With my granddaughters pink sandbox bucket in hand, I went hunting and foraging around town. Instead of looking up as I drove, I kept my eyes, down, looking for the purple mess beneath the tree I was searching. It is important to beat the birds to the berries. Although tempting, I wouldn’t recommend picking them up off the ground. The branches are high. I put a large cloth on the ground and then with a long stick, I hit the branches, causing the berries to drop. I’m sure there is a more graceful method that involves ladders and pretty buckets. I am sure that method would require me to wear a kerchief and matching smock of some sort. I used what I had, an old piece of material I would never make into something, a stick and a pink sandbox bucket. That’s about as graceful as I get.

Despite the odd glances from passers, I collected berries until my bucket was half full and it was time for me to get ready for a bbq party with my husband (Who finds this foraging of mine amusing but in a “oh there she goes being weird again” kinda way). My fingers were stained blue, a lovely touch when shaking hands with strangers.

Anyway, here is my fruitful foraging booty.

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I soaked them in water and then gently put them in the colander instead running water on them. The ripe berries are fragile, bursting with juicy goodness.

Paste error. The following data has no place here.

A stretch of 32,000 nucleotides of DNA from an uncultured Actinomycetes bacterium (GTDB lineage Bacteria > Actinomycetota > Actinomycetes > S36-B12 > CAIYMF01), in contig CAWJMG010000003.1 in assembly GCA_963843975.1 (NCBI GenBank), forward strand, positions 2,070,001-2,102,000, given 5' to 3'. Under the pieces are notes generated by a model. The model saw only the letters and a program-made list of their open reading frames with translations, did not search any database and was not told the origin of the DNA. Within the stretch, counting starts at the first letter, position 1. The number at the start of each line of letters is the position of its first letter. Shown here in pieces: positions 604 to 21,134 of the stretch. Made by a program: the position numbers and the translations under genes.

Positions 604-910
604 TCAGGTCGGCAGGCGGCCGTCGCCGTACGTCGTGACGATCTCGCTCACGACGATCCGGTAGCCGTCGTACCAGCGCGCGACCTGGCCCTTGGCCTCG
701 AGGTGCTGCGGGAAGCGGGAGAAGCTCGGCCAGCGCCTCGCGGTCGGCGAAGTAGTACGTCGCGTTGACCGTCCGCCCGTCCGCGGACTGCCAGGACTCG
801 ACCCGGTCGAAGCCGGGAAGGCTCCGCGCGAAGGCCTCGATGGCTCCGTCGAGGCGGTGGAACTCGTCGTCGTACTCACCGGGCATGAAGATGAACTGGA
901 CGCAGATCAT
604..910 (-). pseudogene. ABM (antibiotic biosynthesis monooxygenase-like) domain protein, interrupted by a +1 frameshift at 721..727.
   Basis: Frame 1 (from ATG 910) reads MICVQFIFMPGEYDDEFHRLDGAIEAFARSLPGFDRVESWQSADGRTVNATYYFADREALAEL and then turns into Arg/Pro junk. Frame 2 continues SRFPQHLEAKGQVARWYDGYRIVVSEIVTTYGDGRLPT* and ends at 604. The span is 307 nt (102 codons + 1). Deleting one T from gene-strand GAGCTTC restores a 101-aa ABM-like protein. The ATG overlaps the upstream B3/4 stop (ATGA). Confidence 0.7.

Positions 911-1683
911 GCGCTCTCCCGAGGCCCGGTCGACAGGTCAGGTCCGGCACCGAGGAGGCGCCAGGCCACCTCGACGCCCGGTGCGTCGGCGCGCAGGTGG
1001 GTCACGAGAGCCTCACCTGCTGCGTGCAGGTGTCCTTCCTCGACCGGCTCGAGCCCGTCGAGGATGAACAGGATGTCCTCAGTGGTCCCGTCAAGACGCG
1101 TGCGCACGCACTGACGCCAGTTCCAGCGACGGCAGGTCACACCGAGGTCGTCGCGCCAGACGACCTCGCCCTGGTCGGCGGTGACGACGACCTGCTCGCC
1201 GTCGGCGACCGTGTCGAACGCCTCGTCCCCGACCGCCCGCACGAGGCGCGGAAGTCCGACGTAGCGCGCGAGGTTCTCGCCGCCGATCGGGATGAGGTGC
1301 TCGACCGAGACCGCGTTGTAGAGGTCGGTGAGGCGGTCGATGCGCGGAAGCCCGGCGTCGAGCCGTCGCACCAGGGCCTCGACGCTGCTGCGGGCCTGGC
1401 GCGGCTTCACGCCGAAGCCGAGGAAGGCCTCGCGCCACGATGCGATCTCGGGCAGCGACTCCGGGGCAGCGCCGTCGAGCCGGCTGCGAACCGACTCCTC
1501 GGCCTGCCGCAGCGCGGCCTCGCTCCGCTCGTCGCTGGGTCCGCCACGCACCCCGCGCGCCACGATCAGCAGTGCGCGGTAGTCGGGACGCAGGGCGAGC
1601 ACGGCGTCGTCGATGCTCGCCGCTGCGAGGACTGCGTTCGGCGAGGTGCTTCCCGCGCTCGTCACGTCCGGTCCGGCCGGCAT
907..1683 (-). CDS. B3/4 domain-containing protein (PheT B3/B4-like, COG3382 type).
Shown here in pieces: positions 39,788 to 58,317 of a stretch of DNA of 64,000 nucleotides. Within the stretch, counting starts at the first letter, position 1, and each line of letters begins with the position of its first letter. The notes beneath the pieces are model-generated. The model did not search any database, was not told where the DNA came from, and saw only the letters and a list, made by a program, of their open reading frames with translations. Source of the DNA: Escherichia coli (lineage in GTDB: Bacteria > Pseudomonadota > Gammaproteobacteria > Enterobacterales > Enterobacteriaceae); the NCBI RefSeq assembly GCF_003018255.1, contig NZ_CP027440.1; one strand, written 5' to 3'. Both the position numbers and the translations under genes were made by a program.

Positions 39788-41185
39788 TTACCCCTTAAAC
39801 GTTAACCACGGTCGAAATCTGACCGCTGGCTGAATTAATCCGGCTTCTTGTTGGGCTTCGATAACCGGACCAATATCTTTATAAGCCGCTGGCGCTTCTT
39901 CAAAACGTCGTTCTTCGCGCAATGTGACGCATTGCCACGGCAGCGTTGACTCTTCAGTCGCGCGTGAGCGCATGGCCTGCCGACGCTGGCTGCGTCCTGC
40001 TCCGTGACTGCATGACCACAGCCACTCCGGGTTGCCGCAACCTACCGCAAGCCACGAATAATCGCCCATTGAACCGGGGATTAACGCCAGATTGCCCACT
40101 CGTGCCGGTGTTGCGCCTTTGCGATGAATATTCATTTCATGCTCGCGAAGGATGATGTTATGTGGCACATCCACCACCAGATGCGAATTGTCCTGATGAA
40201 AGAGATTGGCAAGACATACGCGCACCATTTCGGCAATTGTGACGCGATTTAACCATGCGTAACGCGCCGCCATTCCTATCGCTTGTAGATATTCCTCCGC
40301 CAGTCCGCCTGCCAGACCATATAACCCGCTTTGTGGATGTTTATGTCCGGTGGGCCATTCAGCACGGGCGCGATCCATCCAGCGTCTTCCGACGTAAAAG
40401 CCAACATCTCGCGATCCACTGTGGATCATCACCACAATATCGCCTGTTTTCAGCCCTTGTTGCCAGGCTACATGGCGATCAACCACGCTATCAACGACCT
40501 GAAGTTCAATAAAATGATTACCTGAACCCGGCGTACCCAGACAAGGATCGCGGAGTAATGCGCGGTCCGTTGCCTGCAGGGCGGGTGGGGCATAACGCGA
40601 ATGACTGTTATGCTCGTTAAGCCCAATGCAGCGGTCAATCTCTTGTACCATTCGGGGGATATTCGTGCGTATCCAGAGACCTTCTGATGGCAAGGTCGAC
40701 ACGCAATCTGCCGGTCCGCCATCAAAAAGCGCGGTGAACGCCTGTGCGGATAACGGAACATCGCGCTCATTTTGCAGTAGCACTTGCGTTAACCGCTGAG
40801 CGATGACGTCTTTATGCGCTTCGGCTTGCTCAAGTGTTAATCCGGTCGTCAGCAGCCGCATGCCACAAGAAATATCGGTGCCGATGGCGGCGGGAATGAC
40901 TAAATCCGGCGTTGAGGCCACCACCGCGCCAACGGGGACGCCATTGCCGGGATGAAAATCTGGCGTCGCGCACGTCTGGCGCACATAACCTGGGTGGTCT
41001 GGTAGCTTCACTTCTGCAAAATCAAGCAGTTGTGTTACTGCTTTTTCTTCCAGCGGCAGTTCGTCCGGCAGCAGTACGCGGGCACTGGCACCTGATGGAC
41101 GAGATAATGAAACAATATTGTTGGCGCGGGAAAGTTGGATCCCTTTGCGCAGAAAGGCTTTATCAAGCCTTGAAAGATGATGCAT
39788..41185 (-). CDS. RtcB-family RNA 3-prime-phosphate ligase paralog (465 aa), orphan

Then then fun part begins…. Snipping off the little green stems.

I placed the stemless berries in a heavy sauce pan. About 2 cups.

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I added 3/4 cup organic sugar

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I cooked them on medium heat, stirring frequently and then smashing with a potato smasher while they stewed.

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Once it was cooked down and thick, I let it cool a bit before placing in a small jar. This was for storage for immediate use, not canning or preserving although that could be easily done if you follow directions for canning and preserving.

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I kept some it for a nice spring salad if homegrown lettuce, strawberries and mulberries. Add almonds for a nice crunch.